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Nonlinear Optical Spectroscopy in Multiferroics. Speaker: Zuanming Jin. Outline. Multiferroics RMnO 3 Linear Optical Property X (1) Nonlinear Optical Property X (2) --SHG Time-resolved nonlinear Optical Spectroscopy ( TR-NLOS ) X (3) BiFeO 3 Linear Optical Property X (1)

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outline
Outline
  • Multiferroics
  • RMnO3
  • Linear Optical Property X(1)
  • Nonlinear Optical Property X(2) --SHG
  • Time-resolved nonlinear Optical Spectroscopy (TR-NLOS) X(3)
  • BiFeO3
  • Linear Optical Property X(1)
  • Nonlinear Optical Property X(2) --SHG
  • Third Nonlinear response
  • Our results
slide3
Materials with strongly coupled magnetic and electronic degrees of freedom provide challenges for both fundamental many-body physics and advanced functional materials.
  • Recently, multiferroics, where both electric and magnetic orders coexist in the same phase, have attracted great interest. However, such systems are rare in nature.
slide4
Multiferroic materials with both polar and magnetic order parameters usually show a relatively low-symmetry crystal structure due to the absence of both time and space inversion symmetries; hence, a strong interaction between the low-lying magnetic and lattice excitations can occur, leading to rich new physics phenomena.
rmno 3
RMnO3
  • These material systems have two kinds of crystal structure. Depending on the rare-earth ionic radius, they form either an orthorhombic phase R =La–Dy or a hexagonal phase R=Ho–Lu (or Sc, Y).
rmno 31
RMnO3
  • These material systems have two kinds of crystal structure. Depending on the rare-earth ionic radius, they form either an orthorhombic phase R =La–Dy or a hexagonal phase R=Ho–Lu (or Sc, Y).
rmno 32
RMnO3
  • Rare-earth manganites (R =Sc, Y, Ho, Er, Tm, Yb, Lu, In) which crystallize in a hexagonal structure.
  • Along with the crystal structure, the local environment of the Mn3+ ions in the orthorhombic and hexagonal manganites is also different.
  • Therefore the electronic and magnetic properties in these two classes of materials are vastly different.

Crystallographic unit cell of hexagonal RMnO3, space group P63cm

slide8

PHYSICAL REVIEW B 74, 014422 (2006)

  • Schematic drawing of the crystal structure and the 3d orbitals in the MnO5 polyhedron for hexagonal RMnO3.
linear optical property
Linear Optical Property
  • Optical spectroscopy has been a powerful tool for investigating systematic electronic band structure of the strongly correlated electron systems.

Phys. Rev. B 78, 054440 (2008)

slide11

The inter-site transition peak shifted more rapidly when the temperature crossed the Neel temperature, suggesting that a change in the non-collinear spin correlation can influence the electronic properties of multiferroic hexagonal manganites.

slide12
SHG
  • One of which is caused by the noncentrosymmetric ferroelectric ordering of charges, whereas the other is due to the centrosymmetric antiferromagnetic ordering of spins.
time resolved nonlinear optical spectroscopy
Time-resolved nonlinear optical spectroscopy
  • All-optical studies in a two-beam configuration, in which an intense (pump) light beam excites the medium and a less intense (probe) beam monitors the pump-induced nonlinear changes of its properties.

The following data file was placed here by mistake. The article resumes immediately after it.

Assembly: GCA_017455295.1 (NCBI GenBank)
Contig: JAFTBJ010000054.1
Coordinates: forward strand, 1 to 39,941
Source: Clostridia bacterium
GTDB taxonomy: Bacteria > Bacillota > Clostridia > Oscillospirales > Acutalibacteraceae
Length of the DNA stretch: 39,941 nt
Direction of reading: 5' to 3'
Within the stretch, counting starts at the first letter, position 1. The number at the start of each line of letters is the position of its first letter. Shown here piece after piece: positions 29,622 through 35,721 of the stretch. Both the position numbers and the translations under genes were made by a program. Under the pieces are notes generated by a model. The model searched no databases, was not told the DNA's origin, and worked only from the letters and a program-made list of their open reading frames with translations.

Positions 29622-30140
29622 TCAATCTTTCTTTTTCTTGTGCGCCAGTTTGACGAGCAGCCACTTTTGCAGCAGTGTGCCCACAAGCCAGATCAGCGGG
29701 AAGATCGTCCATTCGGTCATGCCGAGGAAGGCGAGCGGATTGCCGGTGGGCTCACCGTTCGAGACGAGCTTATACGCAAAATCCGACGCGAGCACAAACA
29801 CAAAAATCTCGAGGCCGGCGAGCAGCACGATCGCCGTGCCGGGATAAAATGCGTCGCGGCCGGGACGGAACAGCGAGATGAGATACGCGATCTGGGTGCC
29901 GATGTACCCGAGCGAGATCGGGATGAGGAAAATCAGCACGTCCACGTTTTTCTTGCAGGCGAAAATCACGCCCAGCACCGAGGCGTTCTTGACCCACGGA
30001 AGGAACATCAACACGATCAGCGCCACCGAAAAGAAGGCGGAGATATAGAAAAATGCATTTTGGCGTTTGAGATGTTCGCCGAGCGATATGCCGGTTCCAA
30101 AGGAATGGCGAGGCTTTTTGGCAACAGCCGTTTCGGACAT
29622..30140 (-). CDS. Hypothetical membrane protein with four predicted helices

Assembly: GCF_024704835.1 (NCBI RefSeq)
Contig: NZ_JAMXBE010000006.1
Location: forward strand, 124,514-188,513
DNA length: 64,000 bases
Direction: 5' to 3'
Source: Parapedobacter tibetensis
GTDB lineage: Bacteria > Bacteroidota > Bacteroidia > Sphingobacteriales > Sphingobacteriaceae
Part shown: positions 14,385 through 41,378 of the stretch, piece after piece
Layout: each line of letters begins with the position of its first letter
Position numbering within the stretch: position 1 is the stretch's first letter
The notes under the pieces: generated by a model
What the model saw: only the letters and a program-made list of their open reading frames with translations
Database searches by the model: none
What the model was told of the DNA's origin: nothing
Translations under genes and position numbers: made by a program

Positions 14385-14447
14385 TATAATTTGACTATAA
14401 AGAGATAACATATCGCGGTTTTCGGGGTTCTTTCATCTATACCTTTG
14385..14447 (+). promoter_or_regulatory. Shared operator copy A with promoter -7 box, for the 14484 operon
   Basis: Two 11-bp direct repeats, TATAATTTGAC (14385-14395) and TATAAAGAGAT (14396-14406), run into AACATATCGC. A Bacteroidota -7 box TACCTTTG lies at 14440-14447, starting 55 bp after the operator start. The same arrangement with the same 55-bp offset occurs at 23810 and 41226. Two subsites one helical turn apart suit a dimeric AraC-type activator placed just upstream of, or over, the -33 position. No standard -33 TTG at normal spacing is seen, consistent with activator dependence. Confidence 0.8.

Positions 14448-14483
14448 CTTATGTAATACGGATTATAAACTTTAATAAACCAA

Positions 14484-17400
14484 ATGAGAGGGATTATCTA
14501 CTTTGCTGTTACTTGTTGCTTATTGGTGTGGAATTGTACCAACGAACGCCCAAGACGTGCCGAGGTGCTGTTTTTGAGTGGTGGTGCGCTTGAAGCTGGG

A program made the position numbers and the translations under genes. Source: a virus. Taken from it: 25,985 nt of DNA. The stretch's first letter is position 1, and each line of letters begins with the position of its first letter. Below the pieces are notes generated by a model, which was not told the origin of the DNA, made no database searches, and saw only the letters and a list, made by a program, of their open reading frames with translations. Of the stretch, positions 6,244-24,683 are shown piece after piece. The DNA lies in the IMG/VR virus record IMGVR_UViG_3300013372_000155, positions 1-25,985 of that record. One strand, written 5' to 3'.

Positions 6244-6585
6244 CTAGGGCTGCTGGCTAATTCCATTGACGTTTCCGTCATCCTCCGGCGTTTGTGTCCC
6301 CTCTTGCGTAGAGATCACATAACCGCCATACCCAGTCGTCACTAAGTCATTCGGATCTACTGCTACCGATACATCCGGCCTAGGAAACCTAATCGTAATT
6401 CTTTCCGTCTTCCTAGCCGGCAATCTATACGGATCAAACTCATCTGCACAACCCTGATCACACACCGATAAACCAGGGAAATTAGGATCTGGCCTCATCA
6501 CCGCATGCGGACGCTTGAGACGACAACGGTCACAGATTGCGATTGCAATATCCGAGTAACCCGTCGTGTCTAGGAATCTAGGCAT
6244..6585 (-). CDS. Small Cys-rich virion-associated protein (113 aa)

• In such a configuration, the nonlinearity can be expressed through the third-order nonlinear polarization vector P3(w) arising from the interaction of the pump E(w) and probe e(w) electric fields:
time resolved nonlinear optical spectroscopy1
Time-resolved nonlinear optical spectroscopy
  • Equation can be rewritten as a relation between the pump-induced perturbation of the dielectric permittivity tensor Ɛ (w) and the nonlinear susceptibility tensor X(3) :
  • The product Ek(w)El*(w) can be conveniently decomposed into a symmetric and an antisymmetric part with respect to permutations of the indices k and l.
  • The symmetric part is real and nonzero when the pump is linearly polarized, while the antisymmetric part is imaginary and nonzero when the pump beam is circularly polarized.
time resolved nonlinear optical spectroscopy2
Time-resolved nonlinear optical spectroscopy
  • The tensor itself comprises a symmetric and an antisymmetric part with respect to permutations of the indices i and j.
  • The nonlinearities resulting in and can be shown to be determined by the real and imaginary parts of Ek(w)El*(w), respectively.
  • Within the studied spectral range, the observed nonlinear optical properties are determined by the d –d transition in Mn3+ ions.
time resolved nonlinear optical spectroscopy3
Time-resolved nonlinear optical spectroscopy
  • Spectral dependences of the photo-induced magneto-optical Kerr rotation (full circles) and ellipticity (open circles) in (a) ErMnO3, (b) ScMnO3, and (c) YMnO3.
slide17

Photo-induced “MOKE”

  • The dependence of the Kerr ellipticity upon Δtd is shown for ErMnO3.

Photo-induced “birefringence”

  • From the maximum value reached by the amplitude B of the fast component within the experimental spectral range, we could estimate the maximum of the relevant third-order susceptibilityx(3) of ErMnO3 to be of the order of 2*10-9 esu.
time resolved nonlinear optical spectroscopy4
Time-resolved nonlinear optical spectroscopy
  • Spectral dependences of B and C, amplitudes of the relaxing contributions to the photo-induced differential refractive index of ErMnO3.

The amplitude B of the fast relaxing contribution shows a maximum at the energy of the transition in Mn 3+ ions, whereas the amplitude C of the slowly relaxing part changes sign at approximately the same energy.

time resolved nonlinear optical spectroscopy5
Time-resolved nonlinear optical spectroscopy
  • The complex refraction index should be sensitive to this nonequilibrium state. Thus the temporal behavior of the photo-induced ‘‘birefringence’’ is driven by the dynamical phenomena involving phonons.